Climate Hero Sharon Hanshaw

Left homeless after Hurricane Katrina, she fights for communities that will suffer most from climate impacts.
Sharon Hanshaw of Coastal Women for Change

Photo by Liliana Rodriguez / Oxfam America.

Sharon Hanshaw never imagined she would become an outspoken leader on climate change, until Hurricane Katrina destroyed her house in East Biloxi, Mississippi, the beauty parlor she owned and ran, and the homes and livelihoods of her neighbors. Hanshaw stepped forward to help her community recover, and realized she was living on the frontlines of climate-change-impacts—with more intense hurricanes and sea level rise predicted for the future.

In the months after the storm, Hanshaw joined several dozen women meeting regularly in a local funeral home to brainstorm how to meet the community's needs. In May 2006, they secured $30,000 in seed money to organize a nonprofit, Coastal Women for Change, and named Hanshaw their executive director.

Since then, the group has started programs to help the community and local economy recover, including child care for working women and computer training programs for seniors. And they are working to help residents respond to future disasters by providing emergency preparedness training. More than anything, however, the group's mission is to empower residents to take part in their local government. CWC members have won seats on the mayor's planning commission, and the group has organized public forums on federal emergency management, education, affordable housing, and how to elevate the voices of poor and minority communities in the wake of an event like Katrina.

Hanshaw has also become a spokesperson for Sisters on the Planet, an Oxfam International program that advocates on behalf of women, children, and poor communities who will be most impacted by climate change.

How did your experiences after Katrina lead you to start Coastal Women for Change?

No one was taking leadership or helping our community, so 51 women stepped up and got involved. The only meeting place we had was a funeral home. No one had jobs. We had just the bare necessities. Everyone was like, "We've got to do something." I felt like I had to leave my comfort zone, reach out, and become more aware of what was going on in my community. I started attending meetings, and the next thing I knew they were looking at me to be the executive director for the organization. I had volunteered to be just the secretary—but I'm a mover, not a sitter. I've been learning as I go. There are things to be done, and we need to do them now. We need to be a part of the recovery process. We don't want to be left behind.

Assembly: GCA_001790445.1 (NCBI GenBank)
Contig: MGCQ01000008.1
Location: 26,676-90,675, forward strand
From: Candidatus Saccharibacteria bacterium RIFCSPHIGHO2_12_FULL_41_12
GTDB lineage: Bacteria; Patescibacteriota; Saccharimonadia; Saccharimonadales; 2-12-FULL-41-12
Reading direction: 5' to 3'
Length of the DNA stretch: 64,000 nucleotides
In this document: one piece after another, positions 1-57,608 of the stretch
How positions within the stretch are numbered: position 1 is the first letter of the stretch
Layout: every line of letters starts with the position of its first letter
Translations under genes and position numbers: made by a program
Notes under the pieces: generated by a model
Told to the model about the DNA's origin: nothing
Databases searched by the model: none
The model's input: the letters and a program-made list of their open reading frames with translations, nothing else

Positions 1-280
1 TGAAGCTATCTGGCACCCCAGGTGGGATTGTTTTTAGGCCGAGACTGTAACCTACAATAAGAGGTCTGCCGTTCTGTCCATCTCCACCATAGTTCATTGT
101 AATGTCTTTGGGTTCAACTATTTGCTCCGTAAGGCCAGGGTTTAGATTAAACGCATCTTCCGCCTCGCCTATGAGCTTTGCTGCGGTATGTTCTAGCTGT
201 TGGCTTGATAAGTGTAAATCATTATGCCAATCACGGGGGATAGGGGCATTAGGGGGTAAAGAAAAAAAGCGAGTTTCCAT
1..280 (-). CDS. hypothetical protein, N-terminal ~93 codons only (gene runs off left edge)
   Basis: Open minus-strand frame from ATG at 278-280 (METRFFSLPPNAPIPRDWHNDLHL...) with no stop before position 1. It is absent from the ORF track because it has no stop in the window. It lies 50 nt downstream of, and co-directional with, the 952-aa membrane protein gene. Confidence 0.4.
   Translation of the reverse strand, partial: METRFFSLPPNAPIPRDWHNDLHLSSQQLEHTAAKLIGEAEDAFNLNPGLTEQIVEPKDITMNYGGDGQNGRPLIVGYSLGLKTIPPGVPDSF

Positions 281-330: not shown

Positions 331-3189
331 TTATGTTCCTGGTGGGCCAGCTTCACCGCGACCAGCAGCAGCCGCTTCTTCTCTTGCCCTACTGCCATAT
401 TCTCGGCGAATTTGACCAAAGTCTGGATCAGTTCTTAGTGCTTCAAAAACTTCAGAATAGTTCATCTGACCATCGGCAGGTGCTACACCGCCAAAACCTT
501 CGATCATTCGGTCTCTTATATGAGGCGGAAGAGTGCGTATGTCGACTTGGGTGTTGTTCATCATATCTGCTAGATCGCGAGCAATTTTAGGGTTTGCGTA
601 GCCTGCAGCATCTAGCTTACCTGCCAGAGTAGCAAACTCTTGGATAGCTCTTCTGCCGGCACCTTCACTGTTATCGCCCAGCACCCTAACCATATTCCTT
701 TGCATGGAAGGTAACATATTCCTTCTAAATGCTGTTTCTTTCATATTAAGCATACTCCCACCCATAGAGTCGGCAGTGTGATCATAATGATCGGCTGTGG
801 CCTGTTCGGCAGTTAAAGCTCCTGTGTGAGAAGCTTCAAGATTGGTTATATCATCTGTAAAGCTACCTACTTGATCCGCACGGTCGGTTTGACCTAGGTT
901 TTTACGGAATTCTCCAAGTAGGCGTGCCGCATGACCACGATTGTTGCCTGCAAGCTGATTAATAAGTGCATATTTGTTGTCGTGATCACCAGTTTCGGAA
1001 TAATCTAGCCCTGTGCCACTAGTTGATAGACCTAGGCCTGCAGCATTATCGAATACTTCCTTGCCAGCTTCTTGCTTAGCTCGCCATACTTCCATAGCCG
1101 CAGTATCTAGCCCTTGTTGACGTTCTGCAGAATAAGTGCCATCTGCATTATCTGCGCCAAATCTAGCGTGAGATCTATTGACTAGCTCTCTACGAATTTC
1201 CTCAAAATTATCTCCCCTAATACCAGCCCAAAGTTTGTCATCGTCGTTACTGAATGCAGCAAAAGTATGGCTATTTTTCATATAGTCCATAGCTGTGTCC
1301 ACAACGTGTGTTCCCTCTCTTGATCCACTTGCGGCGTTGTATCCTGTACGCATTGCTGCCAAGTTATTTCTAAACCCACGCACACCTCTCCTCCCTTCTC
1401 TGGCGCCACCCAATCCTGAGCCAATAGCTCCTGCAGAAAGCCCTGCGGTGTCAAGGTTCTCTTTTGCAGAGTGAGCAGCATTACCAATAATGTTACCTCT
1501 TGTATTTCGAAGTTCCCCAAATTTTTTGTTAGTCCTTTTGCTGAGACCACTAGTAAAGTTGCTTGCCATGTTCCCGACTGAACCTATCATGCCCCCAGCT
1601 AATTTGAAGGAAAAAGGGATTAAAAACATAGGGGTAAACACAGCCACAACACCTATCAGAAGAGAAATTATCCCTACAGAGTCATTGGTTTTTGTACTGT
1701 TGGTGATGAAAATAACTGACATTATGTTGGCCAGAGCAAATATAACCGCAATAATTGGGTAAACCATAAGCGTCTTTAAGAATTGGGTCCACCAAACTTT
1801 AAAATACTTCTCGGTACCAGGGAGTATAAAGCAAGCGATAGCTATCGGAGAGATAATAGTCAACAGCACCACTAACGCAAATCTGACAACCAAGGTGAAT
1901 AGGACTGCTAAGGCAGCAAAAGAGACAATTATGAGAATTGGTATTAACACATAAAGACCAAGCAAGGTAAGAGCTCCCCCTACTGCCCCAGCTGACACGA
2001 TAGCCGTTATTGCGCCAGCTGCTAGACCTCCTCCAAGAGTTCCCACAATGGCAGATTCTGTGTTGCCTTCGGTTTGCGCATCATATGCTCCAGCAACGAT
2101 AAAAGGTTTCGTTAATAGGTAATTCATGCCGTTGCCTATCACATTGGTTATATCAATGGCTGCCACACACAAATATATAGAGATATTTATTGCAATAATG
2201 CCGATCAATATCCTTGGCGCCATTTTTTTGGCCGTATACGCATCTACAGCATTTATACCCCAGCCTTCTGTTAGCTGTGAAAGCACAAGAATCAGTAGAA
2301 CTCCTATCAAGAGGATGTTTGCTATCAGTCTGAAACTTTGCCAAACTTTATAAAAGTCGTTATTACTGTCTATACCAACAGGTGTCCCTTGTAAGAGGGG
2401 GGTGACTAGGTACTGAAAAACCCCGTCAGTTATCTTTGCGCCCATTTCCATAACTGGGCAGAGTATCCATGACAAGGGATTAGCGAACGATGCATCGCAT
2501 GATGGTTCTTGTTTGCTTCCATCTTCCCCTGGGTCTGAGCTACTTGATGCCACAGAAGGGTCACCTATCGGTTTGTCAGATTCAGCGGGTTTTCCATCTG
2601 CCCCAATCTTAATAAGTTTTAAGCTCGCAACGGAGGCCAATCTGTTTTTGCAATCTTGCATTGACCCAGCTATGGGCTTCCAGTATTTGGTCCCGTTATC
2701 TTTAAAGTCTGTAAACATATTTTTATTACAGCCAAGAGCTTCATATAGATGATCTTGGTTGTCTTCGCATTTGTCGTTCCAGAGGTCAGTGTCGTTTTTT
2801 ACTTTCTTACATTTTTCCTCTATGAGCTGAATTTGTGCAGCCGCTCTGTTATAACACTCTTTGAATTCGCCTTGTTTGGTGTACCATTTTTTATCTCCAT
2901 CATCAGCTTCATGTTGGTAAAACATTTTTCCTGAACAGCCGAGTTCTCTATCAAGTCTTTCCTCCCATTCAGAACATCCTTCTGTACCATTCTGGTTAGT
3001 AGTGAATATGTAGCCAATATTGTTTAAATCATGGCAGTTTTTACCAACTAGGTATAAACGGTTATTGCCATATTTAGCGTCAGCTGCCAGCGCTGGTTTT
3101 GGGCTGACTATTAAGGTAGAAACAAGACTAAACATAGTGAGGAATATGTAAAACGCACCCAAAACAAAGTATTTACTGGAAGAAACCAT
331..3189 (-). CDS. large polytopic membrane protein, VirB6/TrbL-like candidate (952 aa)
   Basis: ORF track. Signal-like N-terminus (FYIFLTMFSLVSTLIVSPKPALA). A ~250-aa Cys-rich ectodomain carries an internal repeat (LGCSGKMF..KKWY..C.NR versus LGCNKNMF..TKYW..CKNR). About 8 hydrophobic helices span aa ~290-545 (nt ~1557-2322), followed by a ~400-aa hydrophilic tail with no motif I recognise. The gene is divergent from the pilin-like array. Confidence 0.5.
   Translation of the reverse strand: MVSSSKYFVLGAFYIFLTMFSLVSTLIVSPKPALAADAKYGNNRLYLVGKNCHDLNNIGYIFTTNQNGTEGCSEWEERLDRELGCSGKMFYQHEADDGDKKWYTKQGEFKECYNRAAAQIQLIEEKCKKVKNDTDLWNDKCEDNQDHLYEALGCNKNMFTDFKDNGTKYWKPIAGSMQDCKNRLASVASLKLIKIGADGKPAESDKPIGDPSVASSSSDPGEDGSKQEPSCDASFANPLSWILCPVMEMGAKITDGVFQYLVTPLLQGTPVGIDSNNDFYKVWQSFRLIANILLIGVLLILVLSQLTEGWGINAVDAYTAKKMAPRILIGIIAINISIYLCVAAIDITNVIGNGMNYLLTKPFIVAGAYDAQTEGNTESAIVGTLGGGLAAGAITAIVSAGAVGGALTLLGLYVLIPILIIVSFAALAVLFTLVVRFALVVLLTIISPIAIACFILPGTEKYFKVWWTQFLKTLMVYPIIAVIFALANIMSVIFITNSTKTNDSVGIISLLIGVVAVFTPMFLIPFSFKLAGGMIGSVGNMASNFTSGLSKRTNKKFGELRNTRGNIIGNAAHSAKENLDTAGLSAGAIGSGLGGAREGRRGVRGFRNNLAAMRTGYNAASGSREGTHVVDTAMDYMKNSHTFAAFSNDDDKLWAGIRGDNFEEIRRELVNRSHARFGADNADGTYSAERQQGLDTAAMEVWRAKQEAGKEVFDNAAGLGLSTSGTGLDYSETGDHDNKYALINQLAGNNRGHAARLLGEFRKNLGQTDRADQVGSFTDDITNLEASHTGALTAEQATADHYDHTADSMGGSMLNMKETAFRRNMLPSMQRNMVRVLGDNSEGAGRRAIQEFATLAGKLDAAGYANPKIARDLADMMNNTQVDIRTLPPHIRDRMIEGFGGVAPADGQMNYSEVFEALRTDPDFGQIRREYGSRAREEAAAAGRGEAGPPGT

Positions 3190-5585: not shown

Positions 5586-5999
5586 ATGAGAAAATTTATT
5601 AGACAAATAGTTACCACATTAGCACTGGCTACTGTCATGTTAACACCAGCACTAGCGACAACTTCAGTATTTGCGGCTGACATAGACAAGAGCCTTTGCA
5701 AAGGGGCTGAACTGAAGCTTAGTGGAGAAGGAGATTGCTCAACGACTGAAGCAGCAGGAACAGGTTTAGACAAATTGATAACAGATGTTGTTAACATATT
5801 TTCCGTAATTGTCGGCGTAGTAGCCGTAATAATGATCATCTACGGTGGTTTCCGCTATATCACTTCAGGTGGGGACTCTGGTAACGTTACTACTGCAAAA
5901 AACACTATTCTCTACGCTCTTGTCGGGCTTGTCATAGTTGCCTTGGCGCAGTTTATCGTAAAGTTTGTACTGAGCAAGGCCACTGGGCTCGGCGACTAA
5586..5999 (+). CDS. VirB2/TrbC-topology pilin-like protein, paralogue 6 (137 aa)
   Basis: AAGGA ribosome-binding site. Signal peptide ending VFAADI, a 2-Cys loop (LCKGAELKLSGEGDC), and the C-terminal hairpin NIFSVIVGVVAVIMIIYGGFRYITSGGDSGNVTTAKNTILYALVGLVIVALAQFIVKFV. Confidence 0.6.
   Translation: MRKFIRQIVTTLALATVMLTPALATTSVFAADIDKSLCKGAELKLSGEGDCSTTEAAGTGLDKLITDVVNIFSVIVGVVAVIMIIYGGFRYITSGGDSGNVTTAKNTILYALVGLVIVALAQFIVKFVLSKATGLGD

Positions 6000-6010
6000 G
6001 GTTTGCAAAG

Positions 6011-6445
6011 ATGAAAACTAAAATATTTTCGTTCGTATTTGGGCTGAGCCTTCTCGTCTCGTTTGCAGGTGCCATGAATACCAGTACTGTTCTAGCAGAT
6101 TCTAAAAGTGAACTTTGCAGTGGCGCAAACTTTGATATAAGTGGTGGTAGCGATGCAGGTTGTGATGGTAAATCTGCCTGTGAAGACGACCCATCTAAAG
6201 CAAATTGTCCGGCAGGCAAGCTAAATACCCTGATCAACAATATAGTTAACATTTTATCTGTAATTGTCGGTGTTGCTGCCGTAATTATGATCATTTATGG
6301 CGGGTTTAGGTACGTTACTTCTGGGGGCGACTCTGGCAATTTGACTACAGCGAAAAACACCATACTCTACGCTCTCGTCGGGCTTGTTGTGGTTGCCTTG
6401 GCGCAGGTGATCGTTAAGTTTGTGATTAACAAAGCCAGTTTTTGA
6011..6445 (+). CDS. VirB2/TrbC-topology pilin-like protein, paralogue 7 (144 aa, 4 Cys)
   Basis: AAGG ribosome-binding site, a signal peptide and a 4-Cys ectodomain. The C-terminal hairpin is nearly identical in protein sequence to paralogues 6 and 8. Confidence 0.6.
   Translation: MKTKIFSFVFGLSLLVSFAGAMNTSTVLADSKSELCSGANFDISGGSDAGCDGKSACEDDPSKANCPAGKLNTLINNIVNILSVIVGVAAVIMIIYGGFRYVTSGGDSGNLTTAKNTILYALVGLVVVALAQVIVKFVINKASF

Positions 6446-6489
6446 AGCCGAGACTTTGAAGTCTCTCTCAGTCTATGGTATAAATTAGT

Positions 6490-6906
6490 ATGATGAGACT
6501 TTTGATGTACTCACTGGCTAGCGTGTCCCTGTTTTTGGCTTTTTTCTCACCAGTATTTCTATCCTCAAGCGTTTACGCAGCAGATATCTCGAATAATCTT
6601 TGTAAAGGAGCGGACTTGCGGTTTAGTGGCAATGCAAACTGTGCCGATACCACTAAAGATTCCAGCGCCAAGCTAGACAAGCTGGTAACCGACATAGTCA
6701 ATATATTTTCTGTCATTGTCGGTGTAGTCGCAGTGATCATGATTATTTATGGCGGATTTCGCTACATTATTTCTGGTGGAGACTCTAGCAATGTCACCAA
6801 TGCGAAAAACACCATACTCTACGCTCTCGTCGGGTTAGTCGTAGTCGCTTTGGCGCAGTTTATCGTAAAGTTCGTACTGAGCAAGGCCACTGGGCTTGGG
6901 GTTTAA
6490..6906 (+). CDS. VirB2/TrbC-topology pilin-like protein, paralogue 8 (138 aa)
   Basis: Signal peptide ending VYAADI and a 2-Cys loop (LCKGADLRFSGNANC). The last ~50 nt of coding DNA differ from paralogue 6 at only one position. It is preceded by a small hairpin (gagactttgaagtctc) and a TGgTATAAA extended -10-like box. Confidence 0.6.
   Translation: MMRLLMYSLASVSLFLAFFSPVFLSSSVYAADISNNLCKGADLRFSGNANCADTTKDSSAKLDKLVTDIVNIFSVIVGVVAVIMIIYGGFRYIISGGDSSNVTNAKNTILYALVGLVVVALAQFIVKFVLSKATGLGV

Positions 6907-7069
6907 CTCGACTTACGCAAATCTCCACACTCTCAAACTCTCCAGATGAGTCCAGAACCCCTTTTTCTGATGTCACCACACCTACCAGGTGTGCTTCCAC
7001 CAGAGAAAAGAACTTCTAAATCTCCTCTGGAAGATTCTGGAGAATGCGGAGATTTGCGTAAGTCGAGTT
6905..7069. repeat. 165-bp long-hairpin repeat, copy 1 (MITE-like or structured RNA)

What led to your work on climate change?

Our people don't understand that climate change is making more hurricanes like Katrina, Rita, and Gustav, and poor communities suffer the worst. They have no ability to get out. They have no shelters, or the shelters are not equipped for enough people.

I've started this awareness campaign, so people know that we're going to have to help each other. We do a hurricane-awareness workshop periodically, helping people prepare devastation kits, so if anything happens, they're ready to go—medicine for three months, insurance papers, a list of phone numbers and next of kin.

When you talk about climate change in your area, are people receptive to the message?

No, they're not receptive. They're dismissive. The only progress is that they're preparing more, and that's a small percent. They can't see that it's not God, it's man-made. It's hard for these people on the coast to grab a hold of climate change. We have to talk about how storms are coming more regularly, that's how we can describe it to them. I just think, "You've got to keep doing it over and over Sharon, because that's how it is."

You've been on the road a lot recently, meeting with legislators in Washington and other political leaders. What message are you taking to them?

My message to them is that climate change affects the most vulnerable people in the community. If you don't get a financial commitment from the government, from our leaders, you're going to leave people behind. If you leave vulnerable people behind, they are not prepared when a crisis hits. They don’t act to prevent or prepare for the crisis, and then it costs more money to respond to and repair the devastation. The U.S. has more resources than developing countries, but when it comes to climate change, the outcome is the same no matter where you are. When there's devastation, poor communities lose everything.

I'm telling our government to look at the human factor. It don't take no rocket scientist to see what's going on around here—more and more storms, floods, forest fires, cyclones. You see it on the news every day. We know what's going on. Come on, government. The U.S. is going to have to take the lead on climate change.


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